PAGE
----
Tag Archives: civil discourse

Why I signed the Manhattan Declaration

MHDLRecently a number of prominent evangelical figures have made waves by signing the Manhattan Declaration, an ecumenical1and rather terse (in scope anyway) statement consisting of three points:

  1. the sanctity of human life
  2. the dignity of marriage as the conjugal union of husband and wife
  3. the rights of conscience and religious liberty.

While these may seem pretty vague and readily agreeable to by a wide range of people (in fact, the deceleration is implicitly inclusive of even non-theists) and rightly so. The goal of this declaration is not to form yet another creed or charter  or statement of faith. The goal is simply to come together with others of like mind over a very limited set of issues. It’s an old and wise tactic, pool resources and efforts in order to accomplish a common goal. In this case it’s the cessation of threats (real or imagined, you be the judge) to religious liberties by government encroachment, combating abortion, and combating the constant assaults to the traditional family prevalent in our times.

However, as simple as all this sounds, the amazing thing is that some evangelicals, or fundamentalists rather, are staunchly opposed to even the notion of this declaration. It’s as if the notion that a Christian would forge an alliance with anyone that doesn’t hold their exact level of legalism is somehow being “unequally yoked”2.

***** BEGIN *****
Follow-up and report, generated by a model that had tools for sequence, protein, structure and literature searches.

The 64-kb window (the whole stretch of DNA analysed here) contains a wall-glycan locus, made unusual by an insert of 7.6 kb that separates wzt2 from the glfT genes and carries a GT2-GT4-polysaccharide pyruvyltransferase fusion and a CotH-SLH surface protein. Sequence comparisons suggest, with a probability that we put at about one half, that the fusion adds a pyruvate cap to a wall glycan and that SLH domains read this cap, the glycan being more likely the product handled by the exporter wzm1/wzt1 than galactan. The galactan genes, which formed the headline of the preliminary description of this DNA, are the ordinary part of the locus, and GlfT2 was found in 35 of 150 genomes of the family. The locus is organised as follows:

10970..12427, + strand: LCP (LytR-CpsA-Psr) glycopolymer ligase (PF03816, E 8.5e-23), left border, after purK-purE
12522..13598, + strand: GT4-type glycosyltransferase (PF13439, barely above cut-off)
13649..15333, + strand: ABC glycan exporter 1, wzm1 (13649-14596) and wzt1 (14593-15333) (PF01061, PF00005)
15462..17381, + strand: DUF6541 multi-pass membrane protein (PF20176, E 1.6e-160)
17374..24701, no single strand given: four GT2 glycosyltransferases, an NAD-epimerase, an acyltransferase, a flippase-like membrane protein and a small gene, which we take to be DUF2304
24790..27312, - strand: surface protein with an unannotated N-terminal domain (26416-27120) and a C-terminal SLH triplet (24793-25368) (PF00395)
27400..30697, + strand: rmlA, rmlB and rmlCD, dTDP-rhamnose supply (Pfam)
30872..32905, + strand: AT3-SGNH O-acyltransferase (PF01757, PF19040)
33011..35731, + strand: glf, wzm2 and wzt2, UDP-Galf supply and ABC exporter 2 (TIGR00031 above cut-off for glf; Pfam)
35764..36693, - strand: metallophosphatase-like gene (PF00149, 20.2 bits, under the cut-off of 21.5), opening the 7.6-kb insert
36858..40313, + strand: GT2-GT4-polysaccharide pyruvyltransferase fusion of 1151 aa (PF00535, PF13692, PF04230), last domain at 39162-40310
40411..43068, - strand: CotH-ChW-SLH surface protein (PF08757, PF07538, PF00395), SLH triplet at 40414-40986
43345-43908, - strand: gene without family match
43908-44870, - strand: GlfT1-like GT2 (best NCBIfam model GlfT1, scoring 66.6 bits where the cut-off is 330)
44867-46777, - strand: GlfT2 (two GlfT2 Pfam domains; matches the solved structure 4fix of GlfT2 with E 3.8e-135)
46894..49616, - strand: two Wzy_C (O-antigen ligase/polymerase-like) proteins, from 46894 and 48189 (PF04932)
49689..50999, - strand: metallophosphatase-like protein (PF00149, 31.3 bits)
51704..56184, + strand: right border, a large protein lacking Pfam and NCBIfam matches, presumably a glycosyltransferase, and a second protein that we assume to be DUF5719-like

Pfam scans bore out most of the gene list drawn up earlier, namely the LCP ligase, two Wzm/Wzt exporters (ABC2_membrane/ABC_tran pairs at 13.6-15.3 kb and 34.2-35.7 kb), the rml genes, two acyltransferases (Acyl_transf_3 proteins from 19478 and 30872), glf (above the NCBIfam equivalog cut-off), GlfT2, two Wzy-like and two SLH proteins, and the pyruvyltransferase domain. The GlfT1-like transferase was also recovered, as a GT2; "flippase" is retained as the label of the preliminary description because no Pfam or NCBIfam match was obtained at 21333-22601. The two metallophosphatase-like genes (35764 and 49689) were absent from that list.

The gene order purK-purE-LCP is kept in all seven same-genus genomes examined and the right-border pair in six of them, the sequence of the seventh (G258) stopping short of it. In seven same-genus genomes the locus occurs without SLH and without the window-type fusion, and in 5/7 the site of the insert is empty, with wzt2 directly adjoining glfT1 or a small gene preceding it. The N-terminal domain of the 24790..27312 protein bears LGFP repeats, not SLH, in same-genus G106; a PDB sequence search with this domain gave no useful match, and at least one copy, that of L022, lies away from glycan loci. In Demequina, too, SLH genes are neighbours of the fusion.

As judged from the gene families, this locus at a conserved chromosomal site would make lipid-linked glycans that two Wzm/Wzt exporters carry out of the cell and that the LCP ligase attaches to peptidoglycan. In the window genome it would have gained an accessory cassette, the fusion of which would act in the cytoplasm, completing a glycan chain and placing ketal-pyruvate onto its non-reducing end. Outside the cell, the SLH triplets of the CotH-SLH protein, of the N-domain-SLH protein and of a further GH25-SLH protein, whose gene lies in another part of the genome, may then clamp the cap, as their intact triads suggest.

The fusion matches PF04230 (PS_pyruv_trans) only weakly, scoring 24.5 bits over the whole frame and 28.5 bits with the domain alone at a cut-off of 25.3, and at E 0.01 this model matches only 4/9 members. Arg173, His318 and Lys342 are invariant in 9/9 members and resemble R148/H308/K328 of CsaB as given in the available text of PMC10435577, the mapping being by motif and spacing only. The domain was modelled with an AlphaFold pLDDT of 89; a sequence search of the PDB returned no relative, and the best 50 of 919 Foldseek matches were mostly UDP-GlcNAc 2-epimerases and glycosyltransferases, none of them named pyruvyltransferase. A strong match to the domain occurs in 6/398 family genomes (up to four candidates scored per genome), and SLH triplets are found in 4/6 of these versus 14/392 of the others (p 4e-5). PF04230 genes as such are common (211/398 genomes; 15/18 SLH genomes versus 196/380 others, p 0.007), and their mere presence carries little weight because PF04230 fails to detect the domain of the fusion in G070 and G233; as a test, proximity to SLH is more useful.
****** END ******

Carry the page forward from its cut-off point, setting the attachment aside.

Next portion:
In my opinion those who hold such views are not only out to lunch on this issue, but are also poor strategists when it comes to the culture war we are engaged in.

Sadly, however, such narrow and sectarian thinking is not new. In fact, not too long ago Os Guinness set out to form a new (or reclaimed) public square where fruitful discussions and debates could be had in our nation3. The Williamsburg Charter was his attempt to forge a healthy platform from which opinions could be expressed rationally. Where debates could be had that were productive more than they were divisive.

His greatest opposition ended upcoming not from the secularists or atheists. But from his fellow Christians. In fact, his only death threat came from a supposedly Christian group that valued their hatred of others more than their love of their fellow man.

My fear is that the Manhattan Declaration will end up being remembered more for those who opposed it (and mistakenly called for the repentance of those like myself who signed it) than for what it truly represents, a concerted effort to rid the world of at least a few evils.

  1. On a side note; one of the signers, Peter Kreeft has an excellent sermon titled, Ecumenism Without Compromise. []
  2. Which ends up being a thinly veiled attempt at legalistic control. []
  3. Much more about his vision of public discourse can be found in his excellent work The Case for Civility []